Put your hope in God!

Ecclesiastes tells us that there is “a time to weep and a time to laugh, a time to mourn and a time to dance.” (Ecclesiastes 3:4, NIV) When the sorrows come, find time to be with God. Read passages like 1 Corinthians 15, Psalm 23, or John 11 until they are etched in your mind. I sat for endless hours in the church sanctuary after Bev’s death. You may feel His Presence as you walk, or listen to music, or sit among friends. Actively choose faith, even when your emotions scream in protest. 

Hope in God! Make the decision to join others in worship.  “But, I’ll cry.” “Church reminds me of her funeral.”  “People there offer me platitudes that are painful.”  All true, perhaps, and more. But, there in the community of God’s people, your hope can find strength of numbers, especially if it a whole and loving community of faith.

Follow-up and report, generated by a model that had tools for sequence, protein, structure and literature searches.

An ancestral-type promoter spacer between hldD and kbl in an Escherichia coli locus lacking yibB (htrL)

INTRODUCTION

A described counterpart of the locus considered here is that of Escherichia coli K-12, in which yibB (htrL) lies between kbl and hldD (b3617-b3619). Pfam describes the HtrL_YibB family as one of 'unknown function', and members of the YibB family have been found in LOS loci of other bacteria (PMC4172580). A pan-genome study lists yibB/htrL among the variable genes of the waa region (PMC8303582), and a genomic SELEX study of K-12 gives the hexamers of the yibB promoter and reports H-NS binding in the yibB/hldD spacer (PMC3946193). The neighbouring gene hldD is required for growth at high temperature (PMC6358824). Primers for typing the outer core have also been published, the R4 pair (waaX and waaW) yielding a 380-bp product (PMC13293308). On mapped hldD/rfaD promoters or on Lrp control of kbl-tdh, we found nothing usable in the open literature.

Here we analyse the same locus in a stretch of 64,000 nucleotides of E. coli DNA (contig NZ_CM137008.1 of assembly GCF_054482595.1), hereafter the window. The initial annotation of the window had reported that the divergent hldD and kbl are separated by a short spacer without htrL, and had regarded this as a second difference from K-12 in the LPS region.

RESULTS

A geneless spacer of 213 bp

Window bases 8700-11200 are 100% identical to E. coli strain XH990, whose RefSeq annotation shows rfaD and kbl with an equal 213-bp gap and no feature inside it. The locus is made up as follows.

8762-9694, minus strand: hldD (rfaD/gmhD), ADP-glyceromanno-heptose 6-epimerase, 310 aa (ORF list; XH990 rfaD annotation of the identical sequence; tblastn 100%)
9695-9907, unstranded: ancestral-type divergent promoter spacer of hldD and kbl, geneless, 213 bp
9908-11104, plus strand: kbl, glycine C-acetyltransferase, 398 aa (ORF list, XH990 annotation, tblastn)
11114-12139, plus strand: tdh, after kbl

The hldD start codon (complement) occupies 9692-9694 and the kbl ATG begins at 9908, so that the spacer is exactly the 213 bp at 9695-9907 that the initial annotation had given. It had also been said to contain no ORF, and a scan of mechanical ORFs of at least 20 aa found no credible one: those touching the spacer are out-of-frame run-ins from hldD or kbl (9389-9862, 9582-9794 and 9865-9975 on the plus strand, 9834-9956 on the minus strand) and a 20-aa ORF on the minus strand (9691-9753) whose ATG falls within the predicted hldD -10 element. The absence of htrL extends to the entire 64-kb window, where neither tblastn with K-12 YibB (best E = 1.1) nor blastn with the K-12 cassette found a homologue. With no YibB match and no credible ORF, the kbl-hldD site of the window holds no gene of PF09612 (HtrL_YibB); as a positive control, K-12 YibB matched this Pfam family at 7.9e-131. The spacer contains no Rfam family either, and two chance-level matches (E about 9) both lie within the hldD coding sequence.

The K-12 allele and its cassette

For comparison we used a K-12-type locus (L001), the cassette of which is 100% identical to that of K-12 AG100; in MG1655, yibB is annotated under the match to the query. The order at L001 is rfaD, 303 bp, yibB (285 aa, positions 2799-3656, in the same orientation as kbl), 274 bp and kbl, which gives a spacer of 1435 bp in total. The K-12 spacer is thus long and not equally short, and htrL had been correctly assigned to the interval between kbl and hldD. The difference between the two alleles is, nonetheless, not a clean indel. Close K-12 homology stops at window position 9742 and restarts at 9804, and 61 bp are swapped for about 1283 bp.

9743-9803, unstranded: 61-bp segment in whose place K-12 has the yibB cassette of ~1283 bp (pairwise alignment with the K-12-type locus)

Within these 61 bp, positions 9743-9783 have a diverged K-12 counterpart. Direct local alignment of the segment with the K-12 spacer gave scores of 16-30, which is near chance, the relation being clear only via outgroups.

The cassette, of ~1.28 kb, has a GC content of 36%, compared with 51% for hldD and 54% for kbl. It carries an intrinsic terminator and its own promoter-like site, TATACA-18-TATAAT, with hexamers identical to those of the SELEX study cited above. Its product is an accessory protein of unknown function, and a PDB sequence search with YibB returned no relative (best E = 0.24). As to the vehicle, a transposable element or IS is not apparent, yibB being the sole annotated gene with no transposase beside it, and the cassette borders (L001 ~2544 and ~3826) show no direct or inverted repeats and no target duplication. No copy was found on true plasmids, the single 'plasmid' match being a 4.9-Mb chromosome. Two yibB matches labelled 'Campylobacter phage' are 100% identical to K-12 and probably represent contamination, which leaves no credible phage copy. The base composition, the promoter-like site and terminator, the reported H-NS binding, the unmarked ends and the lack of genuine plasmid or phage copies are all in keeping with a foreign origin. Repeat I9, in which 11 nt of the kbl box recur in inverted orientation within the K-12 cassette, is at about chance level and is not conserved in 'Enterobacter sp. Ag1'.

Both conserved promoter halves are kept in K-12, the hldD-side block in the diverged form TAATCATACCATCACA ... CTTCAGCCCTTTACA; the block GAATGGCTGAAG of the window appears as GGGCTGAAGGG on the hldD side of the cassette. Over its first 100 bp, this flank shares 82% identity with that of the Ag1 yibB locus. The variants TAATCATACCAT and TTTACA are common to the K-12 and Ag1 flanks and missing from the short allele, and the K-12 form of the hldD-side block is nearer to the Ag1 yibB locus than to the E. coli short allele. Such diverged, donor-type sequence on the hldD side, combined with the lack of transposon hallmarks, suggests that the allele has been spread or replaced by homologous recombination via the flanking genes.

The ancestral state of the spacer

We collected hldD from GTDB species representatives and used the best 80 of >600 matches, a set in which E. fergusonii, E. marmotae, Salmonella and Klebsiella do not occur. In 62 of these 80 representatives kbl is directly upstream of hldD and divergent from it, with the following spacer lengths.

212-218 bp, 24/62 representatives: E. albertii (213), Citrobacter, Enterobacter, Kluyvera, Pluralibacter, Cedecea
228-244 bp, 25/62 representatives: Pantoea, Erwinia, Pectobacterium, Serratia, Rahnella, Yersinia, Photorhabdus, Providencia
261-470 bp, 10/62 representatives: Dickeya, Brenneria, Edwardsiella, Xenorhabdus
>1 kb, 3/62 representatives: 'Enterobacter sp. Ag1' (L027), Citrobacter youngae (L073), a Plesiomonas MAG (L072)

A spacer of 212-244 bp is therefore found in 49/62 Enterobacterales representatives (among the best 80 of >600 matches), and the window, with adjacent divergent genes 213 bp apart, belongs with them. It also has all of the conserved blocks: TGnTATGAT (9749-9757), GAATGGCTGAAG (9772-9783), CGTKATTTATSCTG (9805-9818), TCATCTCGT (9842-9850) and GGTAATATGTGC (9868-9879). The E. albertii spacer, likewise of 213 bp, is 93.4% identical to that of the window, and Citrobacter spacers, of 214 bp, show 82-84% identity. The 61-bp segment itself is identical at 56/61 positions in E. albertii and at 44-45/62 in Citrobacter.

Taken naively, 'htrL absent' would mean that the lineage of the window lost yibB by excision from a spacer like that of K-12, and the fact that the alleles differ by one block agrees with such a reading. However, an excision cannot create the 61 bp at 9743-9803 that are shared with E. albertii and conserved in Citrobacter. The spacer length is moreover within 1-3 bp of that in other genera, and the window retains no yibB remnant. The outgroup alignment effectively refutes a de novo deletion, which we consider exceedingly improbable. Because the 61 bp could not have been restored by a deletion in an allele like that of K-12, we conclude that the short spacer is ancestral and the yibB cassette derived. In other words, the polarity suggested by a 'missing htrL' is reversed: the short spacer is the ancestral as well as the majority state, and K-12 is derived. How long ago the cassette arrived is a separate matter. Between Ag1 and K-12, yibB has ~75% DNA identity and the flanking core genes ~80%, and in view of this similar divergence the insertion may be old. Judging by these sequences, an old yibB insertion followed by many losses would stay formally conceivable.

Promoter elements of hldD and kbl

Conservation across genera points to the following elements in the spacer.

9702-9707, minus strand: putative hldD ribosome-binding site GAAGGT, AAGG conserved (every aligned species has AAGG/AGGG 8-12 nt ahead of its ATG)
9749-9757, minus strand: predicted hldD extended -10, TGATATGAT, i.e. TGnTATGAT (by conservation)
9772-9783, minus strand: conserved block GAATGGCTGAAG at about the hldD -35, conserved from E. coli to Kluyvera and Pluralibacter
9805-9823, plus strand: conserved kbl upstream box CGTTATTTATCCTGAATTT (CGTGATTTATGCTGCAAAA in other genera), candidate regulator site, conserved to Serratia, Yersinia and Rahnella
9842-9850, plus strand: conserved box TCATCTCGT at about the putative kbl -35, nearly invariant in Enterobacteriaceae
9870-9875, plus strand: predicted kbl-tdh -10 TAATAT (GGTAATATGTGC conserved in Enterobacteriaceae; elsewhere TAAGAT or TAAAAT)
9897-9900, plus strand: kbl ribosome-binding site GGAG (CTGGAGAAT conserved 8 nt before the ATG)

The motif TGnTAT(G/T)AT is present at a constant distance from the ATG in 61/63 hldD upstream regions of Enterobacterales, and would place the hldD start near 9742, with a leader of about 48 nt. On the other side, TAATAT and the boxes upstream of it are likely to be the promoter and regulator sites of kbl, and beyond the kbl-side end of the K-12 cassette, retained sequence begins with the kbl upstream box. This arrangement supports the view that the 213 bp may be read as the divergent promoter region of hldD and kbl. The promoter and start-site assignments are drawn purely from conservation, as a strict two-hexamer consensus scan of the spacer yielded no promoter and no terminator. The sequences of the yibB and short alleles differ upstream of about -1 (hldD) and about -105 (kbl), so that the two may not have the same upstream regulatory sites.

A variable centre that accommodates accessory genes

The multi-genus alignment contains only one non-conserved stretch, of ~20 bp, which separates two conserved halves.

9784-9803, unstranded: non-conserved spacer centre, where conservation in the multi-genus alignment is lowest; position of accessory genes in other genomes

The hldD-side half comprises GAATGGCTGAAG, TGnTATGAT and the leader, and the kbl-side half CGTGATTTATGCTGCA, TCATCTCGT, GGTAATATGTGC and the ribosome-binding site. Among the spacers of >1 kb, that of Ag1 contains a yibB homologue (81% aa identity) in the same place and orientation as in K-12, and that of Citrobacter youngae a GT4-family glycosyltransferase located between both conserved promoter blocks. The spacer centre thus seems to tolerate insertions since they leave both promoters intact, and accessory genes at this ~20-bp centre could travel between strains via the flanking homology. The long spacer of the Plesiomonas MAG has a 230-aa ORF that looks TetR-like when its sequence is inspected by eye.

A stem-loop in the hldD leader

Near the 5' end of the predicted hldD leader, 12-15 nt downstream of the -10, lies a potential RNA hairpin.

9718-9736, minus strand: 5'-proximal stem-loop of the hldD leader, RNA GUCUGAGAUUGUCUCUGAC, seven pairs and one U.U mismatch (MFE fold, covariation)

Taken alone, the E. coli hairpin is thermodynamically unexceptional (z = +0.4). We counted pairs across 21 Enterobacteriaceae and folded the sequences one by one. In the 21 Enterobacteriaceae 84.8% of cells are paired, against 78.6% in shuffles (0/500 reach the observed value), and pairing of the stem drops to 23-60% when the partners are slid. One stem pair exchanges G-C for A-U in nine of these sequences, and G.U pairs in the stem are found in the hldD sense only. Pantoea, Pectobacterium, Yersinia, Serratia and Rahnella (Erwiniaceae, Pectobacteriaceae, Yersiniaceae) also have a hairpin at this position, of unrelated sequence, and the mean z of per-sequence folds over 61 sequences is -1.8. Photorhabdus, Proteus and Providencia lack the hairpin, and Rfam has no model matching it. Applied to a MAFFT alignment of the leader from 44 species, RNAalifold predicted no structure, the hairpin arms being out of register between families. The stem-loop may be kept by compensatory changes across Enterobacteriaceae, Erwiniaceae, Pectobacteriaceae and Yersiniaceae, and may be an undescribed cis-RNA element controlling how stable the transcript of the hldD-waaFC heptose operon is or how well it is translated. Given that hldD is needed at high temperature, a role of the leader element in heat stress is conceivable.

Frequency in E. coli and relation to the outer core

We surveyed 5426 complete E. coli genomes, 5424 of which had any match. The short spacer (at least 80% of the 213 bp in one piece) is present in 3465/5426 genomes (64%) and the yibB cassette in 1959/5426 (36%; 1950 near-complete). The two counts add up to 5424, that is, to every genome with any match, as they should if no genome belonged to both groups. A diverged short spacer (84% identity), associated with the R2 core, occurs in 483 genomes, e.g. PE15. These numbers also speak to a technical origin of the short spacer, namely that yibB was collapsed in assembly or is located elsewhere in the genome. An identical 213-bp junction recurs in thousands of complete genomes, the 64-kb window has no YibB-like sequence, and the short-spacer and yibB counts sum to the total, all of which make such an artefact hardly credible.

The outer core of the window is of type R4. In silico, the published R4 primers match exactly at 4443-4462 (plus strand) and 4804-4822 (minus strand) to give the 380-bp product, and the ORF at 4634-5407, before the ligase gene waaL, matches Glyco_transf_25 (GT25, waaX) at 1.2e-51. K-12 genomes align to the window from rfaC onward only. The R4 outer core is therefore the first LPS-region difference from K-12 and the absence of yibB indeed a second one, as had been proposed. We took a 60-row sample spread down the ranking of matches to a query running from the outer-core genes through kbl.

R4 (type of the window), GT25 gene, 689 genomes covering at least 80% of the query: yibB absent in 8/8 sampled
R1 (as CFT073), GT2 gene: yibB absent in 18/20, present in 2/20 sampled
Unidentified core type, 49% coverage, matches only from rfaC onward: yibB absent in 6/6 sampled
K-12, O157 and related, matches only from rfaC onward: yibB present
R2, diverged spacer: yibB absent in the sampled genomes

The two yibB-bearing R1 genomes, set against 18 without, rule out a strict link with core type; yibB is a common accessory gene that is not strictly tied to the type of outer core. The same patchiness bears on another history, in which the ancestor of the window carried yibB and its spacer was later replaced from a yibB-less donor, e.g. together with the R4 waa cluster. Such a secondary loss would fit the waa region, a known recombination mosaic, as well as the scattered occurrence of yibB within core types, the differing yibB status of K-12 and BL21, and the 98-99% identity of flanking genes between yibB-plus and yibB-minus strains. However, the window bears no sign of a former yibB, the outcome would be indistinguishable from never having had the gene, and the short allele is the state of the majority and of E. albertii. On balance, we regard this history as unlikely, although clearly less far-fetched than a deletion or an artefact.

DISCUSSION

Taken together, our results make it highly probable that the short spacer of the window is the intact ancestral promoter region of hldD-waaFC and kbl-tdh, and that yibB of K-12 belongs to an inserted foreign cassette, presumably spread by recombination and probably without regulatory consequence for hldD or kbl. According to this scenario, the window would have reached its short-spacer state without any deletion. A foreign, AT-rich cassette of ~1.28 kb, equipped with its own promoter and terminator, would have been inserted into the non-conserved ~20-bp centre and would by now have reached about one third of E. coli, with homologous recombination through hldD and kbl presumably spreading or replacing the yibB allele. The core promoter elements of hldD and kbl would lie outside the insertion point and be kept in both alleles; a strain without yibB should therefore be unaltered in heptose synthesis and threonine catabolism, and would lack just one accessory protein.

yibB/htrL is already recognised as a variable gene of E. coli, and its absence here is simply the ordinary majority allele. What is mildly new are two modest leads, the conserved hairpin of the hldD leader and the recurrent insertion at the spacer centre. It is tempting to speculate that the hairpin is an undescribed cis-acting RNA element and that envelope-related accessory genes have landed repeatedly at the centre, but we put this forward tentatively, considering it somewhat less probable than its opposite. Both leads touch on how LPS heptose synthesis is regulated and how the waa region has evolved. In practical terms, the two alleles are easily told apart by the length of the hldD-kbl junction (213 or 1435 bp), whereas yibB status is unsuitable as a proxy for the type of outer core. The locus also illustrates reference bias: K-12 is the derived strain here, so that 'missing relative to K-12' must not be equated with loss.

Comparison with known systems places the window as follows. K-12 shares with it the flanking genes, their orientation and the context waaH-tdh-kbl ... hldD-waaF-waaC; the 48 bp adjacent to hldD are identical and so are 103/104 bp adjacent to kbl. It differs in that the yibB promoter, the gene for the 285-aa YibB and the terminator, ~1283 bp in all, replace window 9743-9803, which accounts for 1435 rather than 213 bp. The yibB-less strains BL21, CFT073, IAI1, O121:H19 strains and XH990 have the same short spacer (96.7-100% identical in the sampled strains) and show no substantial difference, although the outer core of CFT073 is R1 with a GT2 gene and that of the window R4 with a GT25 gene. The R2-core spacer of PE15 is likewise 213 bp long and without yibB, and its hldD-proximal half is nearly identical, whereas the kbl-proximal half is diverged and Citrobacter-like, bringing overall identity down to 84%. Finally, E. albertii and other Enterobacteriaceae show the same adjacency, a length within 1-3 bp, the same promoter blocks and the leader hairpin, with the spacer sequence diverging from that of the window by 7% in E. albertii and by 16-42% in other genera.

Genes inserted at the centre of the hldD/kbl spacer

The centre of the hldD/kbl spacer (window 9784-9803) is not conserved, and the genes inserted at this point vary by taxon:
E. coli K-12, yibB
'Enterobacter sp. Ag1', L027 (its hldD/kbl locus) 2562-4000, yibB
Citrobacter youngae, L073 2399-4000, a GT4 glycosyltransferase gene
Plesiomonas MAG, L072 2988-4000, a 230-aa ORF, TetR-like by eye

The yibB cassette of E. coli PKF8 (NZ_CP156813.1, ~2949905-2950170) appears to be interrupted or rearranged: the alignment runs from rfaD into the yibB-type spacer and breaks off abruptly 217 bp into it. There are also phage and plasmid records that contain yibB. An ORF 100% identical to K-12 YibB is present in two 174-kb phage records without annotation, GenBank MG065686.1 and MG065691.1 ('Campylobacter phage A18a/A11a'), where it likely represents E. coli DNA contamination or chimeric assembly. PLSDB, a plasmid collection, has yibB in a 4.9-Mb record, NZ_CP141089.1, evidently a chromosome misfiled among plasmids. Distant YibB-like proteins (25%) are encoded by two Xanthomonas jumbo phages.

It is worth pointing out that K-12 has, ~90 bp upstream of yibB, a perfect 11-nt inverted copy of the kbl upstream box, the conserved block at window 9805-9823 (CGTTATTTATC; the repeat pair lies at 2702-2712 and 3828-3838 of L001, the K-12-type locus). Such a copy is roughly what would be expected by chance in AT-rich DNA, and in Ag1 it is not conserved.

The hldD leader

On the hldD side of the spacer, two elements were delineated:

Grief is hard, but it is not wasted. 

So here is the word from the Word – 
“Sing to the Lord, you saints of his; praise his holy name.
For his anger lasts only a moment,
but his favor lasts a lifetime;
weeping may remain for a night, but rejoicing comes in the morning. …
You turned my wailing into dancing;
you removed my sackcloth and clothed me with joy,
that my heart may sing to you and not be silent.
O Lord my God, I will give you thanks forever.”
(Psalm 30:4-5, 11-12, NIV)

______________

“Turn It Over”

I spent so long
Living in the dark, living in the dark
ran so fast
Until it fell apart, until it fell apart

Now I’m on my knees
All my life I surrender
Throw my hands up the war is over
I am falling on the altar